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Scholars debunk facts in a work of fiction
The Dallas Morning News
Experts agree: Dan Brown got most of his facts wrong.
Religion scholars have been whacking "The Da Vinci Code" like a low-hanging piņata. The swings have come from establishment Christianity — the Vatican and the Archbishop of Canterbury — and from the fringes of the faith — a member of the liberal Jesus Seminar and the agnostic historian Bart Ehrman.
At least 44 books debunking "The Da Vinci Code" are for sale at Amazon.com, several written by serious academics or well-known pastors. And with the movie starring Tom Hanks scheduled to open next week, surely more are in the pipeline.
All of which leaves this question unanswered: Why do serious people take the book so seriously? "The Da Vinci Code" is fiction. A novel.
The critics have at least 46 million reasons to want to set the record straight. That's how many copies Brown has sold. And the movie may play to an even larger audience.
But popularity alone can't explain the cascade of criticism, even if you figure that many of the authors are trying to sell books by hitching their wagon to Brown. "Star Wars" was an international blockbuster, and physicists didn't fill bookshelves explaining that there's no such thing as a light saber.
Lecture: "The Da Vinci Code: What's Truth? What's Fiction?"
George Lucas never claimed there was anything real in "Star Wars," though. Brown has tried to have it both ways. Charles Gibson, host of ABC-TV's "Good Morning America," pressed the author on the point in 2003.
"If you were writing it as a nonfiction book," Gibson asked, "how would it have been different?"
"I don't think it would have," replied Brown. "I began the research for 'The Da Vinci Code' as a skeptic. ... After numerous trips to Europe, about two years of research, I really became a believer. "
A believer in what? The book's plot revolves around a centuries-old conspiracy to hide the purported marriage of Jesus and Mary Magdalene. Conspirators included Sir Isaac Newton and Leonardo da Vinci, who cleverly hid clues to the secret in his paintings. (Hence the title.)
Errors large and small
The very first sentence in the book implies this is more than a mere tale. "Fact: The Priory of Sion — a European secret society founded in 1099 — is a real organization." This arcane society, according to Brown's telling, has been the keeper of the secret about Jesus' marriage.
But the "fact" is almost certainly wrong. Last month, "60 Minutes" piled up evidence that a Frenchman — an anti-Semite with a history of criminal fraud — "created" the priory as a hoax in the 1950s.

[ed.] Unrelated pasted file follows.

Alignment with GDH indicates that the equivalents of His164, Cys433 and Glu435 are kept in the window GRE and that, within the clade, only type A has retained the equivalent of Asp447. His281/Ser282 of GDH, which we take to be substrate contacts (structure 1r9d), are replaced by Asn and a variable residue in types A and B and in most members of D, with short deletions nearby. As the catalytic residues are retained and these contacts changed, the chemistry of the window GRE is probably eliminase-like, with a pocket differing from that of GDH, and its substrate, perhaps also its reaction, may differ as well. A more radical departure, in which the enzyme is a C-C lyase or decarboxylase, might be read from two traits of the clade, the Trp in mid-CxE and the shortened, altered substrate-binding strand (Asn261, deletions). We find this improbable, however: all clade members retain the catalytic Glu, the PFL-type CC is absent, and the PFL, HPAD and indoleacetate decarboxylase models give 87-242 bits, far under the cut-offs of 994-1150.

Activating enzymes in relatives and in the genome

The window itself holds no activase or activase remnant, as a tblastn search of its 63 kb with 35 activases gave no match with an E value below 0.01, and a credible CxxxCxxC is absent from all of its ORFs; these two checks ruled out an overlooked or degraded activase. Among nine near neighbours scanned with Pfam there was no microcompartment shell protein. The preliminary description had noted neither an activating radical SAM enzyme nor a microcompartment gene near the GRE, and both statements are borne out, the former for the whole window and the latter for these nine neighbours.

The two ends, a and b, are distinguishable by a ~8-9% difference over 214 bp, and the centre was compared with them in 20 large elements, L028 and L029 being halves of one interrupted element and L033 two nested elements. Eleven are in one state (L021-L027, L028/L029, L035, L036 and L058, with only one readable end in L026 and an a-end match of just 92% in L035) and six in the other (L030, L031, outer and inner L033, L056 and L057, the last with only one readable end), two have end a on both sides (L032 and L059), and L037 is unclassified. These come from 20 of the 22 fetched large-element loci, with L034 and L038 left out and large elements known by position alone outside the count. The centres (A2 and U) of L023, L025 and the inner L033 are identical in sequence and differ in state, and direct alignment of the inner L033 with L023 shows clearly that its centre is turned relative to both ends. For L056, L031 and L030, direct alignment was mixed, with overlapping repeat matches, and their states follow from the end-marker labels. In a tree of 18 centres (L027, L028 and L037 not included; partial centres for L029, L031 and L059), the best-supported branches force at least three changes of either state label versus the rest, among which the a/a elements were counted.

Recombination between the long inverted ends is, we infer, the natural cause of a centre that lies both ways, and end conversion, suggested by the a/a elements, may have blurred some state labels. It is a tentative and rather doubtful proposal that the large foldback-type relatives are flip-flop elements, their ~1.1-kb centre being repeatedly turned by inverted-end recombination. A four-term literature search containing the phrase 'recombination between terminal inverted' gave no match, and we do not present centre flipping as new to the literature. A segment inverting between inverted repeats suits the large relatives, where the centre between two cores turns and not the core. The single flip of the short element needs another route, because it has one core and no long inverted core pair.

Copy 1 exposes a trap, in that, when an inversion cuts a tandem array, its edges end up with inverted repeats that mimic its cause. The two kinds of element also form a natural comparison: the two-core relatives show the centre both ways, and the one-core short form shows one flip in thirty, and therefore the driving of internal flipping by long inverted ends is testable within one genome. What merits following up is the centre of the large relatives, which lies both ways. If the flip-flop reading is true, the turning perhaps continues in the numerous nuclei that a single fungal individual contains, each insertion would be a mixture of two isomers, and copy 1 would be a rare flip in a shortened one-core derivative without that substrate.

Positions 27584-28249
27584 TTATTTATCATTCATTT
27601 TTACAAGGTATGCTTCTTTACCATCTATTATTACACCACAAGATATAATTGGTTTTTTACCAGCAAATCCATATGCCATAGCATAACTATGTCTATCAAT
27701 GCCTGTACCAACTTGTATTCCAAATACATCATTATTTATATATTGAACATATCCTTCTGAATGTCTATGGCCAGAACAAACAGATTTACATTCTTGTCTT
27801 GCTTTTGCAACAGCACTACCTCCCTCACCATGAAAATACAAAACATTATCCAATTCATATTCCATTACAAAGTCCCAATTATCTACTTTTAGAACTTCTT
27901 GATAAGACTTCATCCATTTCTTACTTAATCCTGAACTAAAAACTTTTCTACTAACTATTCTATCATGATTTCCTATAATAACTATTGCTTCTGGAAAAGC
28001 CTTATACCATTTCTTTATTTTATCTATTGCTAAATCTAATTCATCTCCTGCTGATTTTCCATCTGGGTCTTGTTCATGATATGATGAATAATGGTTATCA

The book reeks of truthiness and smartiness — the appearance of being truthful and smart without necessarily being either. The protagonist is a Harvard prof (in a department that doesn't exist). The plot is propelled by a series of puzzles based on famous artworks.
But the debunking books list factual errors large and small:
The glass pyramid at the Louvre has 673 glass panes, not 666. The Dead Sea Scrolls were written by Jews and say nothing about Jesus. They were discovered in 1947, not the 1950s.
If the figure to the left of Jesus in "The Last Supper" is really Mary Magdalene, as the book claims, then Leonardo left out an apostle. If it's really John, as most art historians claim, Leonardo was neither the first nor the only artist to paint him as a beardless, long-haired young man.
Brown's best "proof" of a romance between Jesus and Mary Magdalene comes from the Gospel of Philip, one of the Gnostic gospels. In "The Da Vinci Code," the quote reads: "The companion of the Savior is Mary Magdalene. Christ loved her more than all the disciples and used to kiss her often on her mouth."
But Ehrman, a text scholar, says the only manuscript we have of that gospel is full of holes. And that all we have of that passage is "The companion of the (gap) Mary Magdalene (gap) more than (gap) the disciples (gap) kiss her (gap) on her (gap)."
If Brown can't get inarguable facts right, the experts say, what faith can readers place in his conclusions about the nature of Christianity?
Some critics say they're intent on tearing down the credibility of the book because many people believe Brown's fictions.
"In our experience, readers are taking it as true," said Ehrman, a religious-studies professor at the University of North Carolina and author of "Truth and Fiction in The Da Vinci Code." "Historians care about what happened in the past, and it's important ... to separate the fact from the fiction."
There is some evidence readers are buying the bunkum.
Last year, pollster George Barna reported that 53 percent of U.S. adults who finished the book said it had been helpful in their "personal spiritual growth and understanding."
A Canadian survey commissioned last year by National Geographic showed that 32 percent who read "The Da Vinci Code" believed its theories.
And in a Catholic Digest poll, 73 percent of American Catholics said the book "did not affect their faith or opinion of the church in any way." Which means that up to 27 percent — about 14 million — may be vulnerable to having their faith affected by Brown's tale.
The author shrugs off critics.
"It's a book about big ideas; you can love them or you can hate them," he said in a speech in Portsmouth, N.H., last month. "But we're all talking about them, and that's really the point."
That discussion is good news, even from the critics' perspective.
"As a scholar I'm very grateful to Dan Brown. People like me are in demand right now in a way we have never been before," said Gail Streete, a religious-studies professor and expert on Mary Magdalene at Rhodes College in Memphis, Tenn. "Most of the time nobody pays any attention to what we do."
Copyright © 2006 The Seattle Times Company